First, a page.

Devil's Dictionary, revisited

Ambrose Bierce was a late 19th, early 20th century American satirist who penned The Devil’s Dictionary (1906), a word book of supreme cynicism but with some very funny definitions. A sample:

SELF-ESTEEM, n. An erroneous appraisement.

SELF-EVIDENT, adj. Evident to one’s self and to nobody else.

SELFISH, adj. Devoid of consideration for the selfishness of others.

SENATE, n. A body of elderly gentlemen charged with high duties and misdemeanors.

Now Matthew Rose “The Wall Street Journal” has made some new entries in light of our current economic woes in The Devil’s Dictionary–Financial Edition. Samples:

BAILOUT, n. First known use: Noah. Novel regressive taxation scheme whereby vast sums of capital are transferred from those citizens who didn’t participate in the illusory Bacchanalia of the housing bubble to those who did and weren’t clever enough to get out in time.

CREDIT-DEFAULT SWAP, n. loose translation from the original Latin “ubi mel ibi apes,” or “where there’s honey there are bees.” 1. A complex financial instrument vital to the functioning of a modern economy in the way it spreads risk among consenting parties. (Greenspan, A., pre-Sept. 2008.) 2. A complex financial instrument that nearly destroyed modern capitalism (Greenspan, A., post-Sept. 2008).

CREDIT LINE, n. A set amount of borrowed money available only to those who don’t need it.

DEFICIT, n. For the party in power, at worst a minor irritant and at best a precondition for economic growth. For the minority, the gravest threat to the stability of the Republic.

FEEDBACK LOOP, n. Process by which the significance of an event is amplified by constant repetition. Orig: CNBC. See ADVERSE FEEDBACK LOOP.

LIGHT TOUCH, n., obsolete. Theory of regulation in which financial companies recycle profits to lawmakers as campaign contributions, prompting them to relax the rules until the banks inevitably mess it up, at which point the dominant theory switches to “heavy hand,” prompting years of economic contraction and the cycle to repeat.

PPIP, or PUBLIC-PRIVATE INVESTMENT PARTNERSHIP, v.t. Orig: Gladys Knight. To use a form of hypnotism in which merely saying you intend to fix a problem has the effect of making everyone forget about the problem. Usage: “We really peepipped Congress on those AIG bonuses.” See ASSETS, TOXIC.

QUANTITATIVE EASING, n. A regulatory approach based on the point in Western movies when the sheriff, having fired all available bullets, in an act of final desperation throws his gun at the bad guys. See also INFLATION, HYPER.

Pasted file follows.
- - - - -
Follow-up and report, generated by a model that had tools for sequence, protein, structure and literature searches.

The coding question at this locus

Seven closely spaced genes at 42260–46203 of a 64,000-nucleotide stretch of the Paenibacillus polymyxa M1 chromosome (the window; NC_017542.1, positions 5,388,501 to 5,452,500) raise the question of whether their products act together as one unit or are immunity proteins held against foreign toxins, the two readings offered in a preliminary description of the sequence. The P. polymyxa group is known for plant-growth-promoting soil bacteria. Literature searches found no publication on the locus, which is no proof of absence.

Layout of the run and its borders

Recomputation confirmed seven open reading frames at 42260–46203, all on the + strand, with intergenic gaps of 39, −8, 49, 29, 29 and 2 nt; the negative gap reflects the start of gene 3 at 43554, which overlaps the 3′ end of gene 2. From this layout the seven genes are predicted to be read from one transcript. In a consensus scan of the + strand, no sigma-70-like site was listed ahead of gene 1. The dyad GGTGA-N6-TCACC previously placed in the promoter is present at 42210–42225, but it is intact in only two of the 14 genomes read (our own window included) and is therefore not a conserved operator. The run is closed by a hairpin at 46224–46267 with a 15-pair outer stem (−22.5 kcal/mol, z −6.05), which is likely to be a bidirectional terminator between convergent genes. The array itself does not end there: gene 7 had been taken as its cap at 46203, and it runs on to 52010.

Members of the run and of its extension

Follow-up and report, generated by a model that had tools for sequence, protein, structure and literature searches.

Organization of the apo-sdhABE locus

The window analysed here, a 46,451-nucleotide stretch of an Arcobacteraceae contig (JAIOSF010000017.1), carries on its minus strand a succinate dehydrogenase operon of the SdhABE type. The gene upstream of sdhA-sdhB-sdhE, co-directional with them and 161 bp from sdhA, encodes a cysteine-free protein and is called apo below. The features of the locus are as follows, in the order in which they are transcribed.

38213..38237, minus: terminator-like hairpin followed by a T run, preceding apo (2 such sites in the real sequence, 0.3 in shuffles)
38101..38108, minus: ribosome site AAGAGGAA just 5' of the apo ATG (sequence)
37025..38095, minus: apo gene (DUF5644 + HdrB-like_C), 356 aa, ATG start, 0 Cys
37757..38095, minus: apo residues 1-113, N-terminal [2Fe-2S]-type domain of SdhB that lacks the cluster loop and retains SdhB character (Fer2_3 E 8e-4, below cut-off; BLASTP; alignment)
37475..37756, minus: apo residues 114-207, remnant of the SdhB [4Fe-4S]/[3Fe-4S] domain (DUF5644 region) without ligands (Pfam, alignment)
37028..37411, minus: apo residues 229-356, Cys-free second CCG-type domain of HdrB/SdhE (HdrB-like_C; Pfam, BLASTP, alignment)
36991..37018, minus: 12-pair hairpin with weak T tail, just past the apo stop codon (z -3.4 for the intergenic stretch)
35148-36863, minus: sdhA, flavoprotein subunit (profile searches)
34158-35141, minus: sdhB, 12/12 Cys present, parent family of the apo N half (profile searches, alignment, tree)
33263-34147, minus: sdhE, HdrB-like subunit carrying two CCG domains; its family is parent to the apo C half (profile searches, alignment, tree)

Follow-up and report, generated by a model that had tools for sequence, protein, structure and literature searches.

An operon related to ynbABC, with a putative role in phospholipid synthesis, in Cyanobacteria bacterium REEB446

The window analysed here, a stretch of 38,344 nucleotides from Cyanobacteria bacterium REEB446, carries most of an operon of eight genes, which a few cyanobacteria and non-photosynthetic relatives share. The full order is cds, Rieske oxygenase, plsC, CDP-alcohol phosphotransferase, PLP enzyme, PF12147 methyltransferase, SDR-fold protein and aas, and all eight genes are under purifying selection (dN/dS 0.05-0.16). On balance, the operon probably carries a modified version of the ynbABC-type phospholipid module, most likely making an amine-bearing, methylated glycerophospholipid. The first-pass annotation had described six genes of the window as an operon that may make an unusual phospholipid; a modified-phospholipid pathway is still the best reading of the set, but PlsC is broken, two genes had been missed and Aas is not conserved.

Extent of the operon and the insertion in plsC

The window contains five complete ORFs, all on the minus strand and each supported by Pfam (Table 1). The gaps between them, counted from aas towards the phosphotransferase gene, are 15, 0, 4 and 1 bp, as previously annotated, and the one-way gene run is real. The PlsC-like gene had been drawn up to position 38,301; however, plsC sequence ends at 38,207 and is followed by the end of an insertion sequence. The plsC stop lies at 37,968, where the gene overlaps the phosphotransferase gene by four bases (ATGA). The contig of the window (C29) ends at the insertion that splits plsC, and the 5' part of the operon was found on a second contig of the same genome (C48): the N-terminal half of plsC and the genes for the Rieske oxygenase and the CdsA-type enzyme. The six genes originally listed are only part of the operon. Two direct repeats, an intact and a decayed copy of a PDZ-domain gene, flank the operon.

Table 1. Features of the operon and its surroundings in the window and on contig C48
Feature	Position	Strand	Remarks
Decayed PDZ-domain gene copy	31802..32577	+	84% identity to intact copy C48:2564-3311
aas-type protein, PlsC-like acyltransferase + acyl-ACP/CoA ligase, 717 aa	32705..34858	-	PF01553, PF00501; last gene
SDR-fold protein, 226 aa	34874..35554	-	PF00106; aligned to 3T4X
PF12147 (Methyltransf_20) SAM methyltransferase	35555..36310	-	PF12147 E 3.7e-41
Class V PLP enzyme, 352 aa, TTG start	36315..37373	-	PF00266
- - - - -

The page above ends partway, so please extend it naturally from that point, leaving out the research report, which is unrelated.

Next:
SECURED CREDITORS, n. In modern American capitalism, the parties last in line for repayment after a company’s failure. The others in line include the government, unions, sundry suppliers, friends of the union, friends of the government, unsecured creditors and people vaguely familiar with the matter.

TARP, n. acronym. 1. A synthetic device designed to cover up an unsightly mess, or to protect perishable goods (firewood, banks) from the ravages of the elements, typically costing somewhere between $12.99 and $700 billion. 2. Prime example of how governments use otherwise anodyne acronyms, abbreviations and sports metaphors to disguise matters of controversy. See also TALF, TLGP, TURF, FHFA, BACKSTOP, WRAP, OFHEO and SPECTRE.

TOO BIG TO FAIL, idiom. Banks, insurance companies, car companies, presidential approval ratings, Fed chairmen seeking second terms, other people who think they should be Fed chairman, the reputations of people who’d be responsible for letting things fail. Antonym: TOO BORING TO SAVE.

TOXIC ASSETS, n. 1. A collection of bad loans and other botched financial bets that caused big losses for banks, prompted a credit crunch and sank the economy (Sept. 2008 to May 2009). 2. Long-term investments that will pay handsomely when the housing market recovers (June 2009 onward).

HT: a href=”http://pagantolutheran.blogspot.com/2009/09/with-apologies-to-ambrose-bearce.html”>Bruce Gee

About Gene Veith

Professor of Literature at Patrick Henry College, the Director of the Cranach Institute at Concordia Theological Seminary, a columnist for World Magazine and TableTalk, and the author of 18 books on different facets of Christianity & Culture.

  • Ryan

    Humurous, but Bierce’s original one-liners still pack a better punch.

  • Ryan

    Humurous, but Bierce’s original one-liners still pack a better punch.


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